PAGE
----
- Dynabook VX/780LS, SS SX
- Gateway NX860, M685-E, NX560 and M465-E
- Fujitsu LifeBook N6410 and E8110
- Sony VAIO FE and SZ Notebooks
- Lenovo ThinkPad T60
What other Core Duo notebooks are out there? What are the battery run time specs you’re seeing?

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Video: 15 Minutes with the MacBook Pro

Posted by:
Date: Friday, January 13th, 2006, 10:19
Category: MacBook Pro

Watch this walkthrough of the MacBook Pro with an Apple Rep. In this exclusive video, watch for:
- Real-time performance of various apps
- How the breakaway magnetic power plug works
- Overview of the Mac’s ports, including Expresscard 34 slot
- How the built-in iSight works
- How the Apple Remote is Mac-assignable
(Thanks Digg)

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The Apple Core: More on the MacBook Pro SuperDrive

Posted by:
Date: Friday, January 13th, 2006, 09:08
Category: The Apple Core

One of the most surprising things about the announcement of the the new MacBook Pro at Macworld Expo this week was Apple’s dropping the 8x burning double-layer SuperDrive in favor of an inferior 4x single-layer mechanism.
I was puzzled during his keynote address when Steve Jobs listed the specs of the new MacBook Pro with only a 4x SuperDrive, it was surely an error I thought. Why would Apple ship a 4x SuperDrive in a machine touted as so much faster than current PowerBooks? (The current PowerBook G4 ships with 8x SuperDrives.)
Read the rest of the story on my ZDNet Blog: The Apple Core.

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RIM Picks up PocketMac for Mac -> BlackBerry Sync

Posted by:
Date: Thursday, January 12th, 2006, 17:32
Category: Mobile Phone

Phone Scoop is reporting that RIM has licensed PocketMac for BlackBerry from the good people at PocketMac for all BlackBerry users to enjoy.
RIM is reportedly going to start offering the syncronization suite free to all BlackBerry users using Macs, which is great news for Mac users and especially good for those Mac users using the BlackBerry.
Congratulations for the team working hard over there, they make a swell product. One that is, as of today, the standard. Keep up the great work! This is also the first time in history that RIM has acknowledged that they even want to support Mac users with their devices, so with any luck this is just the beginning of the end of RIM treating Mac users as if they had the plague.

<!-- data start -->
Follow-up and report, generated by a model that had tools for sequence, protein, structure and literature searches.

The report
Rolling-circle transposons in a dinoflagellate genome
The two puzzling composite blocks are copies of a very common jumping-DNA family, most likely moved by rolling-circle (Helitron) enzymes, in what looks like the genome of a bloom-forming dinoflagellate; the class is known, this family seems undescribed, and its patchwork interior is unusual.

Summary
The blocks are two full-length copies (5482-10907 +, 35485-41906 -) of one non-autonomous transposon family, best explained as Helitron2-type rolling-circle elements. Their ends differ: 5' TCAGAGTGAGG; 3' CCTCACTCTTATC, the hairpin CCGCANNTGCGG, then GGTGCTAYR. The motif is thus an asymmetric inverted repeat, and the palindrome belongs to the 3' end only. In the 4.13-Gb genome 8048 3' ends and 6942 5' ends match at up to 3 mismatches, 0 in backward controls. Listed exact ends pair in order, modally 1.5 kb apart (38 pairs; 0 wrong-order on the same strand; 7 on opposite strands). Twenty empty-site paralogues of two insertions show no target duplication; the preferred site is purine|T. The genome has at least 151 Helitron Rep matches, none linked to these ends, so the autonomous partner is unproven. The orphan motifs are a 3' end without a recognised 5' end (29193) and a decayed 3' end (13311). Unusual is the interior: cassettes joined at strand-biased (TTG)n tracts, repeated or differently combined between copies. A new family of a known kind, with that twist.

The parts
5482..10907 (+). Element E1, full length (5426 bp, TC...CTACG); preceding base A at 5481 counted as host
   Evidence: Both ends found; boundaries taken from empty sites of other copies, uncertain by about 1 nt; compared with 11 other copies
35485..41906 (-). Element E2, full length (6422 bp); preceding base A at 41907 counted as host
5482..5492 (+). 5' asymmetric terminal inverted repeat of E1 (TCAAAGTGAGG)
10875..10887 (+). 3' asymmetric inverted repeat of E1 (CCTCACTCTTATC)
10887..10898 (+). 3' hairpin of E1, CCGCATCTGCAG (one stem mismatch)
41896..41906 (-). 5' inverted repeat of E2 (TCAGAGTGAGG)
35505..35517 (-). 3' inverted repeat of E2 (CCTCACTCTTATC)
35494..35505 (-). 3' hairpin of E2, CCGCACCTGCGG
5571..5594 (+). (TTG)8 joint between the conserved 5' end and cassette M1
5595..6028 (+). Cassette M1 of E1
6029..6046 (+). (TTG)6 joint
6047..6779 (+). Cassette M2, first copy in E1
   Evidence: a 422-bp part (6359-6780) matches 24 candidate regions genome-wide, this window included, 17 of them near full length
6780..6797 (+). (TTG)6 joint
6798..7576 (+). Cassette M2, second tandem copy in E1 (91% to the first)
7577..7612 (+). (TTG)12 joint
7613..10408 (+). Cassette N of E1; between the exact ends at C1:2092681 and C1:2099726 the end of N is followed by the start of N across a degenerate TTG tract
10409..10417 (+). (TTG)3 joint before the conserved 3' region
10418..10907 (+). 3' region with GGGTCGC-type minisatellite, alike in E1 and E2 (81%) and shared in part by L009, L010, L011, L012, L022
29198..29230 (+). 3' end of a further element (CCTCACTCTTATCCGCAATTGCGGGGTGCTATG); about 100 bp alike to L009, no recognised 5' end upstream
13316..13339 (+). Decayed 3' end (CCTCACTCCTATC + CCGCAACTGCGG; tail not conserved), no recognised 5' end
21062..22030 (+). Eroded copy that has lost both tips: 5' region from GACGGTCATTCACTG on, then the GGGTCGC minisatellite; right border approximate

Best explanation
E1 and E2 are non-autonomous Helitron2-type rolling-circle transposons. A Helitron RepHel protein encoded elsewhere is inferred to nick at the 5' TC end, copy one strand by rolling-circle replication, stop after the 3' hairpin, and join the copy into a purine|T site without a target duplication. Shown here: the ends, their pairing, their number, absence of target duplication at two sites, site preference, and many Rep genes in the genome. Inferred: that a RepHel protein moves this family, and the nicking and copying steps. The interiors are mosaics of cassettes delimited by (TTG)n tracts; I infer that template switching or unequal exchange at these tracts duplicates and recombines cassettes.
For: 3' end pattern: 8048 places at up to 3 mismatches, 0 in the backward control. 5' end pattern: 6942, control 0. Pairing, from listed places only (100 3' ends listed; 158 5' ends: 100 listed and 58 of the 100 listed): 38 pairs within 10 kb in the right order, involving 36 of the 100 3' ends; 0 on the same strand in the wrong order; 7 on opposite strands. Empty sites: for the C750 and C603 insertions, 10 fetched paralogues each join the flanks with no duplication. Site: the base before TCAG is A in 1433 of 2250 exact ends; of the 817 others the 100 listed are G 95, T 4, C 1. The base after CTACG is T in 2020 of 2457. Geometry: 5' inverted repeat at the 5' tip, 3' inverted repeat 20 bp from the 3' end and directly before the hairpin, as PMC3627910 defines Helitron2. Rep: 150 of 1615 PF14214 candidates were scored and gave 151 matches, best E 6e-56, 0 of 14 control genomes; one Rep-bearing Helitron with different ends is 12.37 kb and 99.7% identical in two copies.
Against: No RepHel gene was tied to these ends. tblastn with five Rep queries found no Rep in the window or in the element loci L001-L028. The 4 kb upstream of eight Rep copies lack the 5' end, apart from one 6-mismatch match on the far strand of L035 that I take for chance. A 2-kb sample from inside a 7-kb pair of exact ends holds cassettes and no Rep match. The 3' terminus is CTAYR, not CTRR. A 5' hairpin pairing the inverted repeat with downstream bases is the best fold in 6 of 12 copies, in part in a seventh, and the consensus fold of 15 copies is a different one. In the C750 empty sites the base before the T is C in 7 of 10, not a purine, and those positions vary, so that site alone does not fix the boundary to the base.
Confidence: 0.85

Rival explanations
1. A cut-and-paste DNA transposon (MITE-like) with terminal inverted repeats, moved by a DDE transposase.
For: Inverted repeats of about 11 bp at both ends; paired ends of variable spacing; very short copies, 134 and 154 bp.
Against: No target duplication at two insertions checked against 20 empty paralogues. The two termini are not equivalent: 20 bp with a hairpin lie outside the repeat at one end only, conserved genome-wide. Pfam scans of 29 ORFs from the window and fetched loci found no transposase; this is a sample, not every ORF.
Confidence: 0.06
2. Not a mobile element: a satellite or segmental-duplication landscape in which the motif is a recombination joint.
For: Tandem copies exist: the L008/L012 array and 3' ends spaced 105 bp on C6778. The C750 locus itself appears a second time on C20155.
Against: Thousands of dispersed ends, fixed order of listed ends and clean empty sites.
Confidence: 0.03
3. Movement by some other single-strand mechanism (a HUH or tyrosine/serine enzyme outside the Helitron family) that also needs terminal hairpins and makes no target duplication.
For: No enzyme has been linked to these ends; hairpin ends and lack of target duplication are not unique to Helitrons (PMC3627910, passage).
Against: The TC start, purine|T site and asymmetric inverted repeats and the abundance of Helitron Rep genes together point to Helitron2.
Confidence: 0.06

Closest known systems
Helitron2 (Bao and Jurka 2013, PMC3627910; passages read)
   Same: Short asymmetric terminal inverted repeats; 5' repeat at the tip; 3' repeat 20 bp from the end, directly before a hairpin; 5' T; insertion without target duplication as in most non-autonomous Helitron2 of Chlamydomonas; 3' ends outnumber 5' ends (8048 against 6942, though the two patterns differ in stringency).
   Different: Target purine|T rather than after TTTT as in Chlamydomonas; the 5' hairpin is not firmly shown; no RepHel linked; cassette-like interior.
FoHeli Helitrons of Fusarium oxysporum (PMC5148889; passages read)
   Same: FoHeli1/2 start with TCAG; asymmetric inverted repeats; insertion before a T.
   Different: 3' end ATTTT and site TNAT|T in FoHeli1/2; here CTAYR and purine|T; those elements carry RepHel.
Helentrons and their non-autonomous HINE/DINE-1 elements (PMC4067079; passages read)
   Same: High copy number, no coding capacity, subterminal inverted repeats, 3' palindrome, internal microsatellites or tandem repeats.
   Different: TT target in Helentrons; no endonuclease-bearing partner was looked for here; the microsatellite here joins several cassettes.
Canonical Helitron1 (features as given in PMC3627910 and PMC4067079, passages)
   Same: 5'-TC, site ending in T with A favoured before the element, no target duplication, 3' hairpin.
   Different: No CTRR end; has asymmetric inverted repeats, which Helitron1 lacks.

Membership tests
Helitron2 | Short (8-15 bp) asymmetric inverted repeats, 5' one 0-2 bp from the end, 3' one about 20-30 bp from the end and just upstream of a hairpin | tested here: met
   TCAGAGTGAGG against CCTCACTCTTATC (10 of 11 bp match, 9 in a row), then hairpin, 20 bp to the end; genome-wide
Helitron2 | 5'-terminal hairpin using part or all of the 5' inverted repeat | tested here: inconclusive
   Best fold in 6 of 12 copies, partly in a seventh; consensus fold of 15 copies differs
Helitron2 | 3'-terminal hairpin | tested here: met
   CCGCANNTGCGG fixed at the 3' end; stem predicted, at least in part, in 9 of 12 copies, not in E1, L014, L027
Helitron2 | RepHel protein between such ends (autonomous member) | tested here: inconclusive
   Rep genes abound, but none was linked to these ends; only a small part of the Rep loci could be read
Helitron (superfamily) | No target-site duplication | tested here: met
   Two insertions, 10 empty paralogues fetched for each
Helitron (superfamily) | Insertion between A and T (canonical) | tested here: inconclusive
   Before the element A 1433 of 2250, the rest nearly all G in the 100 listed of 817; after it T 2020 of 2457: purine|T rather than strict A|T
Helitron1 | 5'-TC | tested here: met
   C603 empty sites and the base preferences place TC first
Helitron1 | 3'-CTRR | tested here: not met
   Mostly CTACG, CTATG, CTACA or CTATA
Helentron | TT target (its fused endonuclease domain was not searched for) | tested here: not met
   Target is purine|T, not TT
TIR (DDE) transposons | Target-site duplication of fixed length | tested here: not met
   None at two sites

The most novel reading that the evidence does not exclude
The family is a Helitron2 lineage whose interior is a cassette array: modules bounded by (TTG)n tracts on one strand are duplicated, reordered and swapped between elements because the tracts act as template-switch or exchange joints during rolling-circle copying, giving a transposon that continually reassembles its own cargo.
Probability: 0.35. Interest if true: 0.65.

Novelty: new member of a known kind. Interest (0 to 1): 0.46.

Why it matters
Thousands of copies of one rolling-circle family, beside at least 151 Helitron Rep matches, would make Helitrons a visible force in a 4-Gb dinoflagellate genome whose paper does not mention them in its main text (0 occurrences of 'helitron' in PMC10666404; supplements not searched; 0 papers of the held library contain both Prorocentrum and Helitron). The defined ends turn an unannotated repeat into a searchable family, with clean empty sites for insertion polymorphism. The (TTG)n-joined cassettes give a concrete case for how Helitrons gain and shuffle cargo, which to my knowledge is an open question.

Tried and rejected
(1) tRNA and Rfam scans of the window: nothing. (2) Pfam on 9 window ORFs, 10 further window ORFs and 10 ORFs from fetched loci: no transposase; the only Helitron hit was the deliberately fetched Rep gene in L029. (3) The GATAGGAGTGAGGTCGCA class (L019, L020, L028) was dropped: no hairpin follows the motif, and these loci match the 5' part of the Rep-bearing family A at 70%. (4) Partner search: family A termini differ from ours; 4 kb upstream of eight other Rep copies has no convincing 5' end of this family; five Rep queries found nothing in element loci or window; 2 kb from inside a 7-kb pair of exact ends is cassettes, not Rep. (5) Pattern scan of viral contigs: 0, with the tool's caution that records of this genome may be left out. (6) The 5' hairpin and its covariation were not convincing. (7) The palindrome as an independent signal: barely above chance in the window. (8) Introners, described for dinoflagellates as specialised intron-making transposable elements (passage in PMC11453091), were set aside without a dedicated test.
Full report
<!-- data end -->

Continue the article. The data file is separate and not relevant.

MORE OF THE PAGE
Is this a sign of the Mac getting a wider footprint in Enterprise environments?

MacBook Pro Additions and Subtractions

Posted by:
Date: Thursday, January 12th, 2006, 00:00
Category: PowerBook

macbook-pro-open.jpgThe MacBook Pro has some new and cool additions, but unfortunately there seem to be more subtractions. Here’s a quick list…
Read More…

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Apple's Double Standard on Benchmarking

Posted by:
Date: Wednesday, January 11th, 2006, 22:57
Category: Intel

When Apple tried to prove that G5 was better than Intel, they used a generic non-optimised GCC compiler for the Intel machine. This time, they used an optimised Intel compiler to prove that Intel is better than the G5. How quickly we forget!
Read the full article at ExtremeTech.com. (Thanks Digg).

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MacBook Pro: A Developer's Rant

Posted by:
Date: Wednesday, January 11th, 2006, 22:00
Category: MacBook Pro

Unsanity, who brings us such OS X greats as WindowShade, FruitMenu and ShapeShifter has a blog entry about the new MacBook Pro (Lost in Transition: Overcane of Antflower Milk) . Rosyna takes Apple to task over some of the glaring omissions in the PowerBook successor that seem to have been glossed over in the halo-effect of Macworld. Even though I lobbied for a PowerBook name change a while ago, one of my favorite parts of the article is its criticism of the name “MacBook.”

Another change is, of course, the name. Which is horrible. It doesn’t roll off the tongue at all and is just too confusing. It actually sounds like some child created it. Well, some PC using child. It’s uninspired… The new name really sounds like a good name for Accounting software, not a machine.

Click through, this one is a great read…
Also worth a read is TUAW’s analysis of Unsanity’s analysis of the MBP.